A new study shows that deep brain stimulation (DBS) is a safe and effective intervention for treatment-resistant depression in patients with either unipolar major depressive disorder (MDD) or bipolar ll disorder (BP). The study was published Online First by Archives of General Psychiatry, one of the JAMA/Archives journals. The study was led by Helen S. Mayberg, MD, professor in the Departments of Psychiatry and Behavioral Sciences and Neurology at Emory University School of Medicine, with co-investigators Paul E. Holtzheimer, MD, lead psychiatrist and now associate professor and director of the Mood Disorders Service, Dartmouth Medical School, and neurosurgeon Robert E. Gross, MD, PhD, associate professor in the Departments of Neurosurgery and Neurology at Emory. Gross served as chief neurosurgeon for the study.
An international team of scientists, led by researchers at the University of California, San Diego School of Medicine, reports that abnormal sequences of DNA known as rare copy number variants, or CNVs, appear to play a significant role in the risk for early onset bipolar disorder. The findings were published in the Dec. 22 issue of the journal Neuron. CNVs are genomic alterations in which there are too few or too many copies of sections of DNA. Researchers have known that spontaneously occurring (de novo) CNVs - genetic mutations not inherited from parents - significantly increase the risk for some neuropsychiatric conditions, such as schizophrenia or the autism spectrum disorders. But their role was unclear in bipolar disorder, previously known as manic depression. Principal investigator Jonathan Sebat, PhD, assistant professor of psychiatry and cellular and molecular medicine at UC San Diego's Institute of Genomic Medicine, and colleagues, found that de novo CNVs contribute significant genetic risk in about 5 percent of early onset bipolar disorder, which appears in childhood or early adulthood.
Individuals suffering from mood and anxiety disorders such as bipolar, panic disorder and major depressive disorder may be more likely to abuse opioids, according to a new study led by researchers from the Johns Hopkins Bloomberg School of Public Health. They found that mood and anxiety disorders are highly associated with non-medical prescription opioid use. The results are featured in a recent issue of the Journal of Psychological Medicine. Prescription opioids such as oxycontin are a common and effective treatment for chronic and acute pain. Non-medical use of prescription opioids has increased dramatically and, according to the Substance Abuse and Mental Health Services Administration, prescription opioids are the second most frequently used illegal drug in the U.S. after marijuana.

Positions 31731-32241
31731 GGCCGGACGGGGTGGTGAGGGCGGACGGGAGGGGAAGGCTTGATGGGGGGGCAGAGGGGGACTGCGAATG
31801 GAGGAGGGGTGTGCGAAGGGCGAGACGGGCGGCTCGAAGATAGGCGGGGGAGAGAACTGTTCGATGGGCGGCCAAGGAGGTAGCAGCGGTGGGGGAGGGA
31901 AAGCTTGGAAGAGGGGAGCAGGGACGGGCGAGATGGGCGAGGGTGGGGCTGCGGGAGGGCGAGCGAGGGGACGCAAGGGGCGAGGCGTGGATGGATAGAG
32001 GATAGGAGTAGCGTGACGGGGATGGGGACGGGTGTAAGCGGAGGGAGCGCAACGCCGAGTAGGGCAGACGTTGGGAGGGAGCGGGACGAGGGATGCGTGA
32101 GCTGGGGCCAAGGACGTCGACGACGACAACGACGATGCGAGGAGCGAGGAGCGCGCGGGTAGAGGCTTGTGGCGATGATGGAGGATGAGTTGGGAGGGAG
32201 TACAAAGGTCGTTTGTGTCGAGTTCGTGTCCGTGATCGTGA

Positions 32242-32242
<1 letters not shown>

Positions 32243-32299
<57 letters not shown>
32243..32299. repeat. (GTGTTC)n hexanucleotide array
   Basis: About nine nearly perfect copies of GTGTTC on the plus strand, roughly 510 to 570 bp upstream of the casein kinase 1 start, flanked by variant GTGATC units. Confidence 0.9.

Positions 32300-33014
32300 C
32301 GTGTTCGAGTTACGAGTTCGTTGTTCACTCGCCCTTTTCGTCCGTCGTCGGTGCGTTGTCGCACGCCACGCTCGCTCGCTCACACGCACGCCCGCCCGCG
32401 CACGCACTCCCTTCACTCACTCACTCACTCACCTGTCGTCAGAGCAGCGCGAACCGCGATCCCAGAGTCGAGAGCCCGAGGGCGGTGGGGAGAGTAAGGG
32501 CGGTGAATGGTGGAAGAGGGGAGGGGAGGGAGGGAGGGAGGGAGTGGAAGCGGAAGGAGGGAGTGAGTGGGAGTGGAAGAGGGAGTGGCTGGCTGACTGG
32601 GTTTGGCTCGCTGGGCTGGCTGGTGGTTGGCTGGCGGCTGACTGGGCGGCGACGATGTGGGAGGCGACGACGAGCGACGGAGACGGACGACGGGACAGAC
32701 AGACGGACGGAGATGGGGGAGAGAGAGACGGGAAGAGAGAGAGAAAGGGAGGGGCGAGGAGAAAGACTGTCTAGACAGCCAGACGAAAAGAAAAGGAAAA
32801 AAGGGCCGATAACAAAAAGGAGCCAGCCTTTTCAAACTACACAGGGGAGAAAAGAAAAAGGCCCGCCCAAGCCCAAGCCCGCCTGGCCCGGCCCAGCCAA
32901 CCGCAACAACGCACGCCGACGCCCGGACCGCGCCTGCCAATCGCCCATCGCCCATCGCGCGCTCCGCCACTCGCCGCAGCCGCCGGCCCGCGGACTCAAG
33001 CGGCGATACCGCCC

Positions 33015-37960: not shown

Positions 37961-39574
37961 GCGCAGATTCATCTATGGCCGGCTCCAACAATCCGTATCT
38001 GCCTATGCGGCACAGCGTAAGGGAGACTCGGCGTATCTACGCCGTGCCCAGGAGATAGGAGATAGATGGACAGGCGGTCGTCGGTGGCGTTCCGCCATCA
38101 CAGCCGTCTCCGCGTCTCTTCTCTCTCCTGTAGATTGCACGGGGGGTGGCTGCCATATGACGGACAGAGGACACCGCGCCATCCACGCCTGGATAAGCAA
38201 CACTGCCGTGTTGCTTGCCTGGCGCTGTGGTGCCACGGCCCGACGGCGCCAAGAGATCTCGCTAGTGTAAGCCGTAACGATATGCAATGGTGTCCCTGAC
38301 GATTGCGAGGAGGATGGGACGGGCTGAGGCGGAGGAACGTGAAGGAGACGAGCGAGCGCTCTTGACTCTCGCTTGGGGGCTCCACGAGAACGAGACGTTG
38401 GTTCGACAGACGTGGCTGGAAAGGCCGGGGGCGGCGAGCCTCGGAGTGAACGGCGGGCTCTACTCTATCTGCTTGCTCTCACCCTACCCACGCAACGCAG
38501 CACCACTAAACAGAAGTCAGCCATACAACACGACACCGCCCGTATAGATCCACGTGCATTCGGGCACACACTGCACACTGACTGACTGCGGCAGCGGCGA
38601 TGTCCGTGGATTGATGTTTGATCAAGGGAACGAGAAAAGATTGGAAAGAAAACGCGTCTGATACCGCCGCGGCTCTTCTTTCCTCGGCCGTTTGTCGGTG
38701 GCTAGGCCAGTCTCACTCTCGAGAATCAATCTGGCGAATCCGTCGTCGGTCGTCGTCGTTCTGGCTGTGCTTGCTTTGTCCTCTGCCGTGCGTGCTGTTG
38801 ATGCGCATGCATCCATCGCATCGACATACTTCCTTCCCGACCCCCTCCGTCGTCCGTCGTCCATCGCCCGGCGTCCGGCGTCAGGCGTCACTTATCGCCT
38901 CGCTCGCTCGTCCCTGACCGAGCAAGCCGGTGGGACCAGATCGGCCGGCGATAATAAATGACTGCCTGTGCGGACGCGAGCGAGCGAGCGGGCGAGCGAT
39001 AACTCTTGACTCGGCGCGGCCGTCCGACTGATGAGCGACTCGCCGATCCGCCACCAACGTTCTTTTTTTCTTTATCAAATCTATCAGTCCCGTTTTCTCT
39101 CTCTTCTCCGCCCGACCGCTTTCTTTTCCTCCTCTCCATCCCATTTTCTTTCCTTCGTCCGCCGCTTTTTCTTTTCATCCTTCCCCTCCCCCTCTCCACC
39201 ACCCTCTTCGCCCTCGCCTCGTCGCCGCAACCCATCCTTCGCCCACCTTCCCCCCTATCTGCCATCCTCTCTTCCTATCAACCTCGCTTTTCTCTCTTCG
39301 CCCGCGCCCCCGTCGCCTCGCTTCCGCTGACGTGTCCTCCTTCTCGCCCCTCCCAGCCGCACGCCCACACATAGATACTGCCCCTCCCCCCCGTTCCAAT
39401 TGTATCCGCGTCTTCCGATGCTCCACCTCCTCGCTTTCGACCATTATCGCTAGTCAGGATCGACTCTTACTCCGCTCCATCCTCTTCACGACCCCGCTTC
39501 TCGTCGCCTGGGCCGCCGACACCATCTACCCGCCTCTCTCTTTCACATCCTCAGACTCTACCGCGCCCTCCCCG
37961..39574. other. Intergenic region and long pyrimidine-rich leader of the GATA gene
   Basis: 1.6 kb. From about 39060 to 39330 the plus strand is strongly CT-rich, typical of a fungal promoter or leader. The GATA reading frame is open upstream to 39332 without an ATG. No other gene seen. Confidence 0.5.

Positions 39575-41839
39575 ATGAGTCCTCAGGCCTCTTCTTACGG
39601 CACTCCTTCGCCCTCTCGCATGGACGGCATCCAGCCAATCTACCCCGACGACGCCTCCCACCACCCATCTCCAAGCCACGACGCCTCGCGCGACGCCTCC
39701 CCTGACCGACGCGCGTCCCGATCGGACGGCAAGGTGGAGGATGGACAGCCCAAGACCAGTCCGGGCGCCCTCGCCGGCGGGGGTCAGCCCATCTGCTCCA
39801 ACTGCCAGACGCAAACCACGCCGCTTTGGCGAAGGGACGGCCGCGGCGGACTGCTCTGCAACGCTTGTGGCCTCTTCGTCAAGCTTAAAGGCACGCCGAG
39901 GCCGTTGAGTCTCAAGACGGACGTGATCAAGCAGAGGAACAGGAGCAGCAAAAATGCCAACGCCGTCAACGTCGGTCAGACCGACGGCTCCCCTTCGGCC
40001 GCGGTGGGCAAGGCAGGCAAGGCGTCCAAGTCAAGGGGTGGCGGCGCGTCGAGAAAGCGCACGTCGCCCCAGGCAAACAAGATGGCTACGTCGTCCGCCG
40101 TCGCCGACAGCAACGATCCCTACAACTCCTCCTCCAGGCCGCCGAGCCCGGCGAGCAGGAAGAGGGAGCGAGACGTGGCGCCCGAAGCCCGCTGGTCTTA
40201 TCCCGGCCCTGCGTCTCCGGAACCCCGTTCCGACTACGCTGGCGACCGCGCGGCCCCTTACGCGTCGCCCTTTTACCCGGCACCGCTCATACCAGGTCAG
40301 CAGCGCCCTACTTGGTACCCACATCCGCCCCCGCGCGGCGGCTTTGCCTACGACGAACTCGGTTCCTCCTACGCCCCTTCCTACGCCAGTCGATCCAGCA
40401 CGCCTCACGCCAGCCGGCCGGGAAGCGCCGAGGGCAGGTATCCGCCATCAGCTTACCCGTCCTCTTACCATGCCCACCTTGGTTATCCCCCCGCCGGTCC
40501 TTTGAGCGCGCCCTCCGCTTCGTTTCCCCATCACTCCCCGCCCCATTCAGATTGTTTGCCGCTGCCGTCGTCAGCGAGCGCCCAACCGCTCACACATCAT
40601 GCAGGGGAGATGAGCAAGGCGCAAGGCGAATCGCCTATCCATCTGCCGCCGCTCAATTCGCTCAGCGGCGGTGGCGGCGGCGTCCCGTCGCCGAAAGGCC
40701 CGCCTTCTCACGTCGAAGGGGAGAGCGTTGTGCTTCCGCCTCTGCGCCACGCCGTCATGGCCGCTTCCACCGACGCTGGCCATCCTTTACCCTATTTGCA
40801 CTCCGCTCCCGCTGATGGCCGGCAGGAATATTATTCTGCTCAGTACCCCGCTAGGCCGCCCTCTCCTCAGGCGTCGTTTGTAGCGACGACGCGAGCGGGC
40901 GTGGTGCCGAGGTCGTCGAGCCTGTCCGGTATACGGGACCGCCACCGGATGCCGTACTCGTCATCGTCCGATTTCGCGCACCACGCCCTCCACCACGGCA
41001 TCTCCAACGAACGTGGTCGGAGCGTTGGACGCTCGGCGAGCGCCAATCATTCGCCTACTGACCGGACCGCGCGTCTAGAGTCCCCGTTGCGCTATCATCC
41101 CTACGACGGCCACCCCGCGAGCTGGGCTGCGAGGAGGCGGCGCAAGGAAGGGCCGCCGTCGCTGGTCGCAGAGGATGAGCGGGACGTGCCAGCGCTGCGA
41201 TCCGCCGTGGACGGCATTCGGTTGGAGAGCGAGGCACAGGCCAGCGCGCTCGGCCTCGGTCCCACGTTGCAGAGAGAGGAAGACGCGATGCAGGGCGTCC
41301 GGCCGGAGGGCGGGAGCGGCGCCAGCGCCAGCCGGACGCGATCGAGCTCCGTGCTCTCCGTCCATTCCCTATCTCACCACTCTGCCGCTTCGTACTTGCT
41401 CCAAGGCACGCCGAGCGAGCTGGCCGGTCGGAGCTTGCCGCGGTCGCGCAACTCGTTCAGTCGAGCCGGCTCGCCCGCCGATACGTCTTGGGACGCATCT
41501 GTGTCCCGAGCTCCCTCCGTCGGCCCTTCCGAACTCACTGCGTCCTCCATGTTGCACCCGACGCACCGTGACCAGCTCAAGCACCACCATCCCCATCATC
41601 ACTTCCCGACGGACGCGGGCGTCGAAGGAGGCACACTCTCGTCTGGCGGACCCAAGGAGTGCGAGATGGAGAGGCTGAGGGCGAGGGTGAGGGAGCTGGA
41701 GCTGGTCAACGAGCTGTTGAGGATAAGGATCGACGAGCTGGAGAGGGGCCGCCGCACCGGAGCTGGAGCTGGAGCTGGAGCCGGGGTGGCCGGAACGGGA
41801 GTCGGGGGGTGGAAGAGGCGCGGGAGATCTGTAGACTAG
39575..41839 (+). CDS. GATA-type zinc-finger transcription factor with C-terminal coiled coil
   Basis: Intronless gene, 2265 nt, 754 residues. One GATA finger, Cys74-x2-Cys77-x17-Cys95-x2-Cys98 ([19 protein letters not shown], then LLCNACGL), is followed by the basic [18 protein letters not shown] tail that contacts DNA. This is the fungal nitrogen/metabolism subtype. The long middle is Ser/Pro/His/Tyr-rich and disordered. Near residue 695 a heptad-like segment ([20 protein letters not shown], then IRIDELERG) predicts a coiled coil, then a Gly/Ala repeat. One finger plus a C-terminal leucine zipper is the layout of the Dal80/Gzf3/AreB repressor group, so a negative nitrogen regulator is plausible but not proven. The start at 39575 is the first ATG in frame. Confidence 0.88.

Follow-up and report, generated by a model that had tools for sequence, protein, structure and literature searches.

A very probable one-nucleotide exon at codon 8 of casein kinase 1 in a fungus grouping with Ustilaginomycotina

The identification of genes that contribute to a susceptibility to complex neuropsychiatric disorders such as schizophrenia, major depression and bipolar disorders has been not very successful using conventional genetic approach. There are several problems associating with this conventional approach including carriers of genes cannot be identified in the absence of manifest symptoms and the heterogeneity of neuropsychiatric disorders. A new direction that appears encouraging is the identification of neurobiological or neurobehavioural characteristics associated with these complex neuropsychiatric disorders, or endophenotypes, that may be more closely linked to gene expression. Endophenotype is a biomarker associating with genetic components as well as the clinical symptoms of neuropsychiatric disorders.
New research led by University of California, San Diego (UCSD) School of Medicine, finds that rare copy number variants (CNVs) where sections of DNA are either duplicated or missing, seem to play a key role in the risk for early onset bipolar disorder, which appears in childhood or early adulthood. The researchers write about their findings in a paper published online on 22 December in the journal Neuron. CNVs are a particular type of mutation or alteration in the genome where cells end up with an abnormal number of copies of sections of DNA code: either too few, due to deletion, or too many, due to duplication. CNVs can be inherited, or de novo, the latter spontaneously occuring either in the sperm or unfertilized egg, or even in the egg after it has been fertilized. Previous studies have already established that rare CNVs contribute to risk for some some neuropsychiatric disorders such as schizophrenia and autism, but the role they play in bipolar disorder, formerly known as manic depression, has been less clear.